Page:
Thursday, March 09, 2006

I did it!!

I finally finished the Neverendinghan!! I'm so amazed with myself... this blanket has sat by the way side so long I seriously doubted I would ever finish it. [Now, the cloud graphghan has taken it's place, but let's not think about that, okay?] I think the last time I actually made a serious post about this project was in November [!!!] when I showed you these pictures:

I actually finished the 'ghan earlier in the week, but hadn't gotten around to photographing it. It was made intending to be used at Kris's house, hence the bumblebee-esque color combo, but so far it's gotten so much use at my place that I doubt it will be leaving. Even it doesn't match. So, here's the FO:
That's Kris hiding under it on my double bed and me holding it up.

Stats: I used Bernat Super Value in Black and Deep Straw, 3 [8oz] skeins of each, and my TOTC J hook. I used a stitch I picked from 101 Stitches for Afghans, which I've seen elsewhere caled the sedge stitch. It's a sc, hdc, dc shell, basically: textured, but not feminine, and not very open. It's quick and mindless to work up, too. The edging is my favorite standby, reverse sc. It always looks clean and polished - for some reason frilly or scalloped edges just don't do it for me.

I've been trying not to start too many new projects, cuz it's been so long since I've finished any and it feels nice to be on this roll. I've been thinking about picking up the sucky Karabella spiral shawl again and trying to work that out. Last time, I think I had a pretty promising start figuring out the pattern, but completely quit working on it for some reason. [?!]

I've also been working on a little, secretish project, and trying to get some things set aside for my secret pal. She's turning out to be a real doll and I want to send her some great stuff. Summer is coming up and I'd like to send her some nice cottons or other lightweight fibers, but I know a trip to my LYS is going to prove dangerous on my budget!!

See, with summer coming up, I hopefully will have a month or two off from classes, [I'm sure I'll write more about that later,] and I'm seriously pondering investing in a knitting class. The ones I'm considering don't run cheap, but the shop I'd be at is also the only one I have found where I truly feel comfortable and enjoy the atmosphere. I have had a desire to knit for a while now, but *no* desire whatsoever to learn from a book or try to teach myself. I want someone to help me... especially since I've heard that "Continental Style" [whatever that is] is supposed to be easier for crochet-crossovers to learn, and I want an actual person to show me how that works, y'know?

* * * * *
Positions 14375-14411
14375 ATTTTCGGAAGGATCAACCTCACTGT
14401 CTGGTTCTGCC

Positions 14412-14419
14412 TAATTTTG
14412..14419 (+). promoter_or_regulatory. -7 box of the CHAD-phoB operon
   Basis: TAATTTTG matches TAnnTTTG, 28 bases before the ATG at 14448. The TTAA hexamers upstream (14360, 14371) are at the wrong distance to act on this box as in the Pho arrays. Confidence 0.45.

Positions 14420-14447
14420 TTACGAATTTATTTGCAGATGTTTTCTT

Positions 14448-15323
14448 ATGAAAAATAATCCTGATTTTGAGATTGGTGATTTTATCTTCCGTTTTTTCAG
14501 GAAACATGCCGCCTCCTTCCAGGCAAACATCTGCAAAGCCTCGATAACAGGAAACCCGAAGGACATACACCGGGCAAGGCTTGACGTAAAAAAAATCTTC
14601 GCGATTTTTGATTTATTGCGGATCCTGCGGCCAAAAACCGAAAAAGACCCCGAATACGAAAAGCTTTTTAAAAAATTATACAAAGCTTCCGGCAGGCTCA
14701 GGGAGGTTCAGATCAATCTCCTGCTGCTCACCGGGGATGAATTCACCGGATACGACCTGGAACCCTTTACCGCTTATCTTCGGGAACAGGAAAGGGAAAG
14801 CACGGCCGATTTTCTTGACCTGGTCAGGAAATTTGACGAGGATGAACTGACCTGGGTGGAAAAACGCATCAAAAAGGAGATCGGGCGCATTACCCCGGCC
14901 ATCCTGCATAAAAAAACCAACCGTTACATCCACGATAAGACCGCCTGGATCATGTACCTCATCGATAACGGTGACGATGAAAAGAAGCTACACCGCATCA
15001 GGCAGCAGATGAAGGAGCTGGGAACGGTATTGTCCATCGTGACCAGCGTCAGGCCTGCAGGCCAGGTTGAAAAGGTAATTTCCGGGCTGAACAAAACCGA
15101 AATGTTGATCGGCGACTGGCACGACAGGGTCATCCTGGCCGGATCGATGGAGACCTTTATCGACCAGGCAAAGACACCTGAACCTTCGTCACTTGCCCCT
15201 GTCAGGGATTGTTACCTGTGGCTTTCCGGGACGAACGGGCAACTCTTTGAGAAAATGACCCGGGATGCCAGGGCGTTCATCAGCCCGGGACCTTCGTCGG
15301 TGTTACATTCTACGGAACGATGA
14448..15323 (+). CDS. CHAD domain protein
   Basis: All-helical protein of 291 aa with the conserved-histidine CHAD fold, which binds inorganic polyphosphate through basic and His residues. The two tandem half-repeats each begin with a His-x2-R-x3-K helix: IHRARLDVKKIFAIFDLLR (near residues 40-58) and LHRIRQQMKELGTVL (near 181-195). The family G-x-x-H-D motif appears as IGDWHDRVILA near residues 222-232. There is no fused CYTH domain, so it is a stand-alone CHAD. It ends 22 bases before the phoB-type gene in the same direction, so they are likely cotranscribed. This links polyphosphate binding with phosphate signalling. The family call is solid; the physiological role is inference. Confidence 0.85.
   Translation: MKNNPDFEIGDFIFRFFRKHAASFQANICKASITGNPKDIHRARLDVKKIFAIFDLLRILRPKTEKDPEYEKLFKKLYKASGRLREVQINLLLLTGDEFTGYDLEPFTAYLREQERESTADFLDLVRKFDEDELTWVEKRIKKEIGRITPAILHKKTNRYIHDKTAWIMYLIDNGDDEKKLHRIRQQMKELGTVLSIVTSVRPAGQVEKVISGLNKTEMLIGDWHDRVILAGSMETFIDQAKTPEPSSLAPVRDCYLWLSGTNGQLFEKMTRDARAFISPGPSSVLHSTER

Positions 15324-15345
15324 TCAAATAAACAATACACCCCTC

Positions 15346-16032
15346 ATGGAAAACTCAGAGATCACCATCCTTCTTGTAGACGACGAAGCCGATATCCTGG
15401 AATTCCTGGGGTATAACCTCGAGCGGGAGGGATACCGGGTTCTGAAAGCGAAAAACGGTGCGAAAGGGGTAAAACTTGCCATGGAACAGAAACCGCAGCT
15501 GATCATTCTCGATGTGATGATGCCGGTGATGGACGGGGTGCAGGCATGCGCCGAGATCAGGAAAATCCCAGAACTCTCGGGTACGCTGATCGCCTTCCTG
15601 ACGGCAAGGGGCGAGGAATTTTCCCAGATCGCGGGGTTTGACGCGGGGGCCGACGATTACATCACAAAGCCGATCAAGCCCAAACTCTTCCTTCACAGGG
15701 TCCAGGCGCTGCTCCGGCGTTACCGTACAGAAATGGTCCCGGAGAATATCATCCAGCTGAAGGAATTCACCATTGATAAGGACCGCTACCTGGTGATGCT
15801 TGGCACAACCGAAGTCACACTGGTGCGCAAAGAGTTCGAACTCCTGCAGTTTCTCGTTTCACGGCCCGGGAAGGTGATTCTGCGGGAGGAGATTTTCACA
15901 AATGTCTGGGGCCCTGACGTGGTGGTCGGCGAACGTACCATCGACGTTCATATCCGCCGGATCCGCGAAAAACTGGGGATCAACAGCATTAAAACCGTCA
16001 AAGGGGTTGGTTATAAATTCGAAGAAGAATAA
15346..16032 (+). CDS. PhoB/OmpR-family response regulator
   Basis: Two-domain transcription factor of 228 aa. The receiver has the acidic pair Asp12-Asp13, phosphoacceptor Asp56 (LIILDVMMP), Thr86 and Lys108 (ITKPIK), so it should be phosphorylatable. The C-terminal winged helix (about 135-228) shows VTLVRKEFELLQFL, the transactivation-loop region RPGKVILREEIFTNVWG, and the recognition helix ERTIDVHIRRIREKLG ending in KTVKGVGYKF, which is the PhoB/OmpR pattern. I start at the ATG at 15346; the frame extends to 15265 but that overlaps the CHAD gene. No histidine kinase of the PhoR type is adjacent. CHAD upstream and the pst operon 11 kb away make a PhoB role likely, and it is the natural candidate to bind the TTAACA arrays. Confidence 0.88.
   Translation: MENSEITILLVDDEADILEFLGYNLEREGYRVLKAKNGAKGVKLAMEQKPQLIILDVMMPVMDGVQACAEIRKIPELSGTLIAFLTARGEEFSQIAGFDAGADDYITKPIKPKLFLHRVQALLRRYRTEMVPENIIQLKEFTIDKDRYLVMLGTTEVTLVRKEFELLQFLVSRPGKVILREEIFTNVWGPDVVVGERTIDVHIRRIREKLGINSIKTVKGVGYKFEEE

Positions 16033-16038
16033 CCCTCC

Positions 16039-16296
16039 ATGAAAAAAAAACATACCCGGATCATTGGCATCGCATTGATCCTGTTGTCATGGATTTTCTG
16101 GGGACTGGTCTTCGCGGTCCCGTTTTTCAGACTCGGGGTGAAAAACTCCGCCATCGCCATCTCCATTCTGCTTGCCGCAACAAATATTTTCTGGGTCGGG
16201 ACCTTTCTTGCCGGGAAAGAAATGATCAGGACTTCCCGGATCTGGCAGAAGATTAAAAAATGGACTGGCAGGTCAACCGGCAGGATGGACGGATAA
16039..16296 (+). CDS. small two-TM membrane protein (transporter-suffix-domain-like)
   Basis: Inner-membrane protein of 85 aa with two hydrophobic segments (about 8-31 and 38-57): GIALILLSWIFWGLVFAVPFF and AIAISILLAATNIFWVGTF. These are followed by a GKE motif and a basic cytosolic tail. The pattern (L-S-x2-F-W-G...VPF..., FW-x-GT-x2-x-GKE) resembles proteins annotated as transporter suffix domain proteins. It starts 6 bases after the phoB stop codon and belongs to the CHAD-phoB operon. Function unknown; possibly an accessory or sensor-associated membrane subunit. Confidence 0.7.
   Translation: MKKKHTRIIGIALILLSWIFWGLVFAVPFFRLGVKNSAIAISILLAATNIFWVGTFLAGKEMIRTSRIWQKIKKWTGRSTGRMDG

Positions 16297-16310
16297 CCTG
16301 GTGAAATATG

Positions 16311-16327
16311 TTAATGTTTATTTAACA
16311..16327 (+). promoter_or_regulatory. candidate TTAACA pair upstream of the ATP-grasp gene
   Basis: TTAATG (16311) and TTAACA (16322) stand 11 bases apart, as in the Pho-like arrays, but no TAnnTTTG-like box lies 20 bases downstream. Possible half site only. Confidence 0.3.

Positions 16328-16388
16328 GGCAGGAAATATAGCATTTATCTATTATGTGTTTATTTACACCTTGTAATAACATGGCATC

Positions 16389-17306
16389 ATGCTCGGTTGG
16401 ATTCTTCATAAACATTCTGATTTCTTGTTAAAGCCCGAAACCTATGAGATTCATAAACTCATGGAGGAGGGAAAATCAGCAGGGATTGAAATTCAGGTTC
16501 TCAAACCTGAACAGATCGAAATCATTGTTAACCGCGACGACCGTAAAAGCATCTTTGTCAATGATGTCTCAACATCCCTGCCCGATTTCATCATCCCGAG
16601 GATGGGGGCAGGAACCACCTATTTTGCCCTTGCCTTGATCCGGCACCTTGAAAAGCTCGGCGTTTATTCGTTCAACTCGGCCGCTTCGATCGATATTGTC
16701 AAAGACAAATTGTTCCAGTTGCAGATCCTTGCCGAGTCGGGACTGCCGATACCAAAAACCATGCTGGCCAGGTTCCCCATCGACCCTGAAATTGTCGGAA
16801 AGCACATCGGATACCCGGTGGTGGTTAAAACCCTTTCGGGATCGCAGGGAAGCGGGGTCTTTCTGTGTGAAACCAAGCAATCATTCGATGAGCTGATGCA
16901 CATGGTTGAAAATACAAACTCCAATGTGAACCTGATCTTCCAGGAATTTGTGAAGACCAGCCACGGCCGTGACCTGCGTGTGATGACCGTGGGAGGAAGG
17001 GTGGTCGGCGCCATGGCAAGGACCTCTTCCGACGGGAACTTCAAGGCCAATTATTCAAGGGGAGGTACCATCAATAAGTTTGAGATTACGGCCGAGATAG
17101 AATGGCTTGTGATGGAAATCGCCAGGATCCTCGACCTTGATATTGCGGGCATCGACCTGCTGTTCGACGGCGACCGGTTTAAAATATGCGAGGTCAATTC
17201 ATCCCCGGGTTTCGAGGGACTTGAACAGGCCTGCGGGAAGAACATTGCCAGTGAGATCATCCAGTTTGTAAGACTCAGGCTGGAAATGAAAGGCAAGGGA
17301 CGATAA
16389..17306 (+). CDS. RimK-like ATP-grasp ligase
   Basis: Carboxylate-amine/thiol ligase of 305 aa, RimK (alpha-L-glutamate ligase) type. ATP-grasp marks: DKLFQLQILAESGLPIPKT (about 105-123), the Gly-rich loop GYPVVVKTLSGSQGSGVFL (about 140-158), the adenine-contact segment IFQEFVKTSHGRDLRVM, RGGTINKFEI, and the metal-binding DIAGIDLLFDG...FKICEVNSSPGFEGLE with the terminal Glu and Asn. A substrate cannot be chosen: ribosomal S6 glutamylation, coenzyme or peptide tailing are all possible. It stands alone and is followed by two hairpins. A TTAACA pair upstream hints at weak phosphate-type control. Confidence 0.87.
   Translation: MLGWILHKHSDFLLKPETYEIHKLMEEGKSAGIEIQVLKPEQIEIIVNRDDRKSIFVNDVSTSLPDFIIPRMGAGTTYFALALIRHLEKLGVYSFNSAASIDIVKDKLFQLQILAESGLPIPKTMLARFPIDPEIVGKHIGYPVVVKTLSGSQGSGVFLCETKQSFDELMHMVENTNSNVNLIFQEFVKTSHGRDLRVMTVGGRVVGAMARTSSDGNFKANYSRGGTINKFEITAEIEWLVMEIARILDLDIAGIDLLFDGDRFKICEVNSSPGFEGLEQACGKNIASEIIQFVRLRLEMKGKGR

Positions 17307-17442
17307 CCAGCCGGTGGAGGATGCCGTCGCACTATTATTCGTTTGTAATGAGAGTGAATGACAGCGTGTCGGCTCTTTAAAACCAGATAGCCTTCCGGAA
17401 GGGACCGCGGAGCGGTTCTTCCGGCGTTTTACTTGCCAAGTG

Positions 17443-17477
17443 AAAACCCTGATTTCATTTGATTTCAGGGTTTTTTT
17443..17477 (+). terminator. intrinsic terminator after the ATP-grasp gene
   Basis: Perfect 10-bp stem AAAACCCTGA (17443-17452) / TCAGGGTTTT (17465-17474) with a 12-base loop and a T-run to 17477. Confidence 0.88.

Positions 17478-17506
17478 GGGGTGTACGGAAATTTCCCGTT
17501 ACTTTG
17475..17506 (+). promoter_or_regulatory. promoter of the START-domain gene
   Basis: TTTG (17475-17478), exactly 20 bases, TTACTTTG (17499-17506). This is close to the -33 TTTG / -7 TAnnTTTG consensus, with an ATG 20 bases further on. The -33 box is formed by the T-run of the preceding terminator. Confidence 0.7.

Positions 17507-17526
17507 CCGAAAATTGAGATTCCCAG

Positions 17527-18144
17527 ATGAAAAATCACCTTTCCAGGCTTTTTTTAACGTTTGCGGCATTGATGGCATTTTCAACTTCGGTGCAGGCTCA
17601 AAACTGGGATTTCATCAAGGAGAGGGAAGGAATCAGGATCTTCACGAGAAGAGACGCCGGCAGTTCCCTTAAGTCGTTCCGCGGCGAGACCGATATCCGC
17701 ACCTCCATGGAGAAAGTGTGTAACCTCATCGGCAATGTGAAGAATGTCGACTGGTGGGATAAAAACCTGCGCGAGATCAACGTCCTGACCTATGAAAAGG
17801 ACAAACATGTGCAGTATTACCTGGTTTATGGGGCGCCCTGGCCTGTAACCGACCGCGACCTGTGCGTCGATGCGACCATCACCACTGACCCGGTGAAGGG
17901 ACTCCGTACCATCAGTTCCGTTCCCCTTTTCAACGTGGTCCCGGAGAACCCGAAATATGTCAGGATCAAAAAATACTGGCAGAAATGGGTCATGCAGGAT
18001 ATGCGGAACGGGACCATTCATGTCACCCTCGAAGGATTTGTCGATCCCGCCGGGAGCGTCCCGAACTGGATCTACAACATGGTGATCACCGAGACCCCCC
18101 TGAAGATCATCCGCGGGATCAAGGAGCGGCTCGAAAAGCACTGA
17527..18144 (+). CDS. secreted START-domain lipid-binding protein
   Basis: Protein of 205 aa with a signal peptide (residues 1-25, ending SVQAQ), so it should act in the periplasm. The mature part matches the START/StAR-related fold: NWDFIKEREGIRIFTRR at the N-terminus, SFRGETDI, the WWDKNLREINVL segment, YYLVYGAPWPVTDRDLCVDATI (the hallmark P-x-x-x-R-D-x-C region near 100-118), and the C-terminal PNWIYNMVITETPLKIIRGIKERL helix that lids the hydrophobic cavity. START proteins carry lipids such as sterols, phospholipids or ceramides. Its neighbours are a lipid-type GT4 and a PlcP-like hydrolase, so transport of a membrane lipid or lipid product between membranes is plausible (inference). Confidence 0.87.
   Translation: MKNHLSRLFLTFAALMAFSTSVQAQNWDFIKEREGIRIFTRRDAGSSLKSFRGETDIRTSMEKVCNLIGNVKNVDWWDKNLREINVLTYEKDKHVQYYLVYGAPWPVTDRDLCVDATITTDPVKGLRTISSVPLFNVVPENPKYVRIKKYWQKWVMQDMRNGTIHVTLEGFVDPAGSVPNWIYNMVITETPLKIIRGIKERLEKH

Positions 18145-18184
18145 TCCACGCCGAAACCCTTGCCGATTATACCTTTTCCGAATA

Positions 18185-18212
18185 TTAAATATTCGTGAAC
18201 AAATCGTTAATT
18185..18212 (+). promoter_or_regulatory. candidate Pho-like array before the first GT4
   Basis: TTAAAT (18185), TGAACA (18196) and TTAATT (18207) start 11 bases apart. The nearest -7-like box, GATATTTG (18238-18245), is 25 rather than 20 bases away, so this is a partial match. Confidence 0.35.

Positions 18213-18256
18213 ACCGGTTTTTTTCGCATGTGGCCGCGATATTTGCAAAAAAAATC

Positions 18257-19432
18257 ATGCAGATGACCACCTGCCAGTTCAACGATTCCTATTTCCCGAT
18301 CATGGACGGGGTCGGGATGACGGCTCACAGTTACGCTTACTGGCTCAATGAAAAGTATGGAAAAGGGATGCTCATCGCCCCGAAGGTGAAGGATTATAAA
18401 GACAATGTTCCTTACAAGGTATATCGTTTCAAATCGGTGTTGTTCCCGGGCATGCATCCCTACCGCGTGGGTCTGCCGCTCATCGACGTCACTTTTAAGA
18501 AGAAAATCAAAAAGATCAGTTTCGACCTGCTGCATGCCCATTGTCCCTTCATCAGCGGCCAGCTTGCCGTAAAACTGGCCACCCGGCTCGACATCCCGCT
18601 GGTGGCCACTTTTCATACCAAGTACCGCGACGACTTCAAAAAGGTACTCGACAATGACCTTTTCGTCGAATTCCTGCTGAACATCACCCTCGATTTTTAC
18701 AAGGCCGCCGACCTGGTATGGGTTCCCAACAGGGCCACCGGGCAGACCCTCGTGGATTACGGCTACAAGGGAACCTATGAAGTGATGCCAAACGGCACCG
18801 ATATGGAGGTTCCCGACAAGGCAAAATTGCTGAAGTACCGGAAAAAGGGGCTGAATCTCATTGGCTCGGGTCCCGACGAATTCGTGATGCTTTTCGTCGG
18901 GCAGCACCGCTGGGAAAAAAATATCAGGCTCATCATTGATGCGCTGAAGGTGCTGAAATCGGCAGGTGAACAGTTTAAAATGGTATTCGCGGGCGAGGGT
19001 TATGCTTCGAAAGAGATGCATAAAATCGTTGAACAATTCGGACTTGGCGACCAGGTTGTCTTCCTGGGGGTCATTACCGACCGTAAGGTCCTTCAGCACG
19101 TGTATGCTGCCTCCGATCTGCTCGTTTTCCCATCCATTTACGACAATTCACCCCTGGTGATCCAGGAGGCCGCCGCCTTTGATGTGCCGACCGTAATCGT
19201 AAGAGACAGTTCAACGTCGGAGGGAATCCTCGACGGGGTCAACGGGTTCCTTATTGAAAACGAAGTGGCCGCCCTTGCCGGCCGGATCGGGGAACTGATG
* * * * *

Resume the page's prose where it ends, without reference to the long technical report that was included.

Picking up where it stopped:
Sunday we have Kris's nephew's birthday party - tomorrow after work I have to shopping for his present. We were planning on getting him a bat and mitt, and come to find out that his family on the other side already did. Boogers. At least I have a turtle for his sister...

Anywho, gonna run - Wings are on and I just missed another goal. Deneen, I hope you get better soon; and Jessi, I miss you and hope you feel better too. And, HUGS to everyone!!


Blogger Jewels said...

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10:02 PM  
Blogger Jewels said...

Absolutely great looking afghan Nat! I hadn't thought of using the reverse sc for a border, but must try it out now.

10:03 PM  
Blogger noricum said...

Yay! It looks great! :)

Continental is where you hold the yarn in your left hand, like with crochet, instead of in your right hand. It can be a bit harder to learn, but ends up being faster.

10:09 PM  
Anonymous julie said...

Beautiful Natalie! It looks fabulous!

I'm doing continental knitting and it made a big difference for me. I would have spent too much time trying to get used to holding the yarn in my right hand which just seemed wrong. Continental is better. Trying, it's full of videos showing both English and Continental style knitting, each stitch shows both. I've lived on that site for hours at a time trying to get things figured out. Hope it helps!

10:59 PM  
Blogger Sara said...

The 'ghan looks freaking awesome!! I'm going to use that stitch in an afghan for my offspring.

Don't be afraid of knitting, it is not as hard as you think. I taught myself from a book when I was twelve. I"m a continental knitter, too.

6:48 AM  
Blogger Lucy said...

I love the colors and the stitch on that afghan!!! Nice job...I know what you mean by finishing up old projects...I have a billion!

9:35 AM  
Blogger Chatty said...

Love that afghan, will have to try that stitch sometime after I get some more WIPs done.

I knit as well but I hold my yarn in my right hand, it was the way I was taught so it's the way that's comfortable for me. Maybe someday I'll give Continental style a try just to say I tried it but I knit pretty fast the way I knit now so it's not a big priority for me. Good luck on your lessons.

If you want, you can try a new knitting MB I found- - it's run by an expert knitter and could be very helpful for you.

9:42 AM  
Blogger Donna said...

Beautiful, Natalie! I absolutely love the stitch pattern you chose for this afghan. I am going to have to use it for something. I'm with you, the reverse sc is my favorite border.

12:51 PM  
Blogger Vik said...

This is great Natalie! Congratulations!

2:31 PM  

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